Located just south of the Beverly community in Chicago, Morgan Park was first settled in the mid-1800s. It was originally known as North Blue Island because of its proximity to the Blue Island area and its position on the blue island ridge. The area was named for its largest landowner, Thomas Morgan, who purchased all of the property between what is now the area bordered by 91st Street to the north, 119th Street to the south, Western Avenue on the west and Vincennes Avenue on the east.
An English native, Morgan came to the U.S. in 1843 and settled in Albany, New York for a short time. His father, a London banker, left him a fortune, which he in turn used to get a foothold on the ridge in 1844. There he cleared an area large enough to start a cattle ranch, which he ran for nearly 25 years.
Before Hyde Park was annexed to the City of Chicago, Morgan's son Henry was actually village president of the community in 1889. In 1869, the Morgan family sold 3,000 acres of his land to the Blue Island Land and Building Company. The company designed a new community laying out streets and building homes. Many people were already attracted to the rustic area. The Blue Island Land and Building Company's improvements sought to make the area attractive for those seeking relief from the hectic annoyances of city life. A sprawling community was born and quickly began to draw residents in large numbers.
Early on, education was an important part of the Morgan Park community. The Blue Island Land and Building Company made a concerted effort to create a great center of learning there. It brought the Mt. Vernon Military & Classical Academy (now known as Morgan Park Academy) there in 1873, the Chicago Female College in 1875, the American Institute of Hebrew, and the Baptist Union Theological Seminary was relocated there from Chicago in 1877.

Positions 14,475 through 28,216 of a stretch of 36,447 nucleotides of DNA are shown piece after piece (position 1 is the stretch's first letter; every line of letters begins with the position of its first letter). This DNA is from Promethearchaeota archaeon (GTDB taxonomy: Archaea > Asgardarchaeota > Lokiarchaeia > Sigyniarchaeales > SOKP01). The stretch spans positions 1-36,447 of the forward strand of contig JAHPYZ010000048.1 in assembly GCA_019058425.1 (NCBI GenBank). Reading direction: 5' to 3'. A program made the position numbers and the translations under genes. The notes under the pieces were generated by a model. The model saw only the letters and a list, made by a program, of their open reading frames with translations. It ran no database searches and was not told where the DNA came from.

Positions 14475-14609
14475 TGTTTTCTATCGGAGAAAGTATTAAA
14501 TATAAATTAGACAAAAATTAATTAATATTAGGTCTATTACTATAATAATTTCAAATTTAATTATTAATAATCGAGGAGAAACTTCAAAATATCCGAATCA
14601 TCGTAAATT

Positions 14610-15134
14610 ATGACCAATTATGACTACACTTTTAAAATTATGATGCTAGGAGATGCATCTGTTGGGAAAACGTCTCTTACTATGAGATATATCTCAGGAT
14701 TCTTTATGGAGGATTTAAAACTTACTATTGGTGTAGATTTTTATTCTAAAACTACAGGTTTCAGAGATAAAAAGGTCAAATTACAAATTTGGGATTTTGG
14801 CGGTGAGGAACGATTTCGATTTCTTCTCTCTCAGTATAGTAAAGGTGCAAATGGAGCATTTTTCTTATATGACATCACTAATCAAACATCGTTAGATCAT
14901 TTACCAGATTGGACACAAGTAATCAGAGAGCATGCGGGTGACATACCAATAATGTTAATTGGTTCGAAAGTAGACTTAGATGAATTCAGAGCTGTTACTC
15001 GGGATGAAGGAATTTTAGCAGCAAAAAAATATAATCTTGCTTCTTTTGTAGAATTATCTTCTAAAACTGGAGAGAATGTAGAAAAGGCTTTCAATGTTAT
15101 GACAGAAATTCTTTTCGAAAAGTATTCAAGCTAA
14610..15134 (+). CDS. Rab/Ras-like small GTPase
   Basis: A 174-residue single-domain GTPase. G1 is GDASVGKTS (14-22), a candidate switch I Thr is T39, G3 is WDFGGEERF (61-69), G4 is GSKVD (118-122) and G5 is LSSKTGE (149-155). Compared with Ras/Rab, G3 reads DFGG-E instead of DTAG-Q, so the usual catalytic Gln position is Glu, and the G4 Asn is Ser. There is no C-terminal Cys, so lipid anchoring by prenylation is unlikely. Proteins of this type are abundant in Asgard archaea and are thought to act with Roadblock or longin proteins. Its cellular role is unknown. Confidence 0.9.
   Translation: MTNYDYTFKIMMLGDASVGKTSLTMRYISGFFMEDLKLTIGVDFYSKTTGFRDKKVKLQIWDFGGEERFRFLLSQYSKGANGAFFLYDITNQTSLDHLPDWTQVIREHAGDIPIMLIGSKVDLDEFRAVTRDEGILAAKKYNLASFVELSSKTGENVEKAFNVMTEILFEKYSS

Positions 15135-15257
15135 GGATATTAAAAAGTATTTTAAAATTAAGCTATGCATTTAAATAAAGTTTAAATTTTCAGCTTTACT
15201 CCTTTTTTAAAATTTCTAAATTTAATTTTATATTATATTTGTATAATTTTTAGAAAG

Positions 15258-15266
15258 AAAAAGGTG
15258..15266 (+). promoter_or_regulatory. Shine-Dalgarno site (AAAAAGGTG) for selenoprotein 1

In 1888, a serious attempt was made to bring the new University of Chicago to Morgan Park. The effort's chief benefactor, John D. Rockefeller, indicated midway through that he began to prefer the larger site of 57th Street and Ellis Avenue in Hyde Park, donated by Marshall Field.
After the university was opened in Hyde Park, it quickly absorbed Chicago Female College and Baptist Union Theological Seminary (which then became the university's divinity school). For 15 years, Morgan Park Academy served as a preparatory school for the university until the death of U of C president William Rainey Harper in 1906, which ended the university's sponsorship of the academy.
In 1998, prominent Chicago family, the Walgreens donated their home in Morgan Park along the ridge at 116th & Longwood Drive to the Mercy Home for Girls.
There are quite a number of notable individuals who hail from Morgan Park. They include: Denver Broncos offensive tackle (1965-66) Lee Bernet; Peter Cetera former bassist, vocalist and founding member of the rock band Chicago; Fred Evans, defensive tackle for the Minnesota Vikings; Mae Jemison, engineer, physician and astronaut — Jemison became the first African-American woman to travel in space as part of a NASA crew on the Space Shuttle Endeavour; Emil Jones, 37th President of the Illinois Senate; and Jeremy Rifkin, economist, writer and public speaker–Rifkin is the founder of the Foundation on Economic Trends.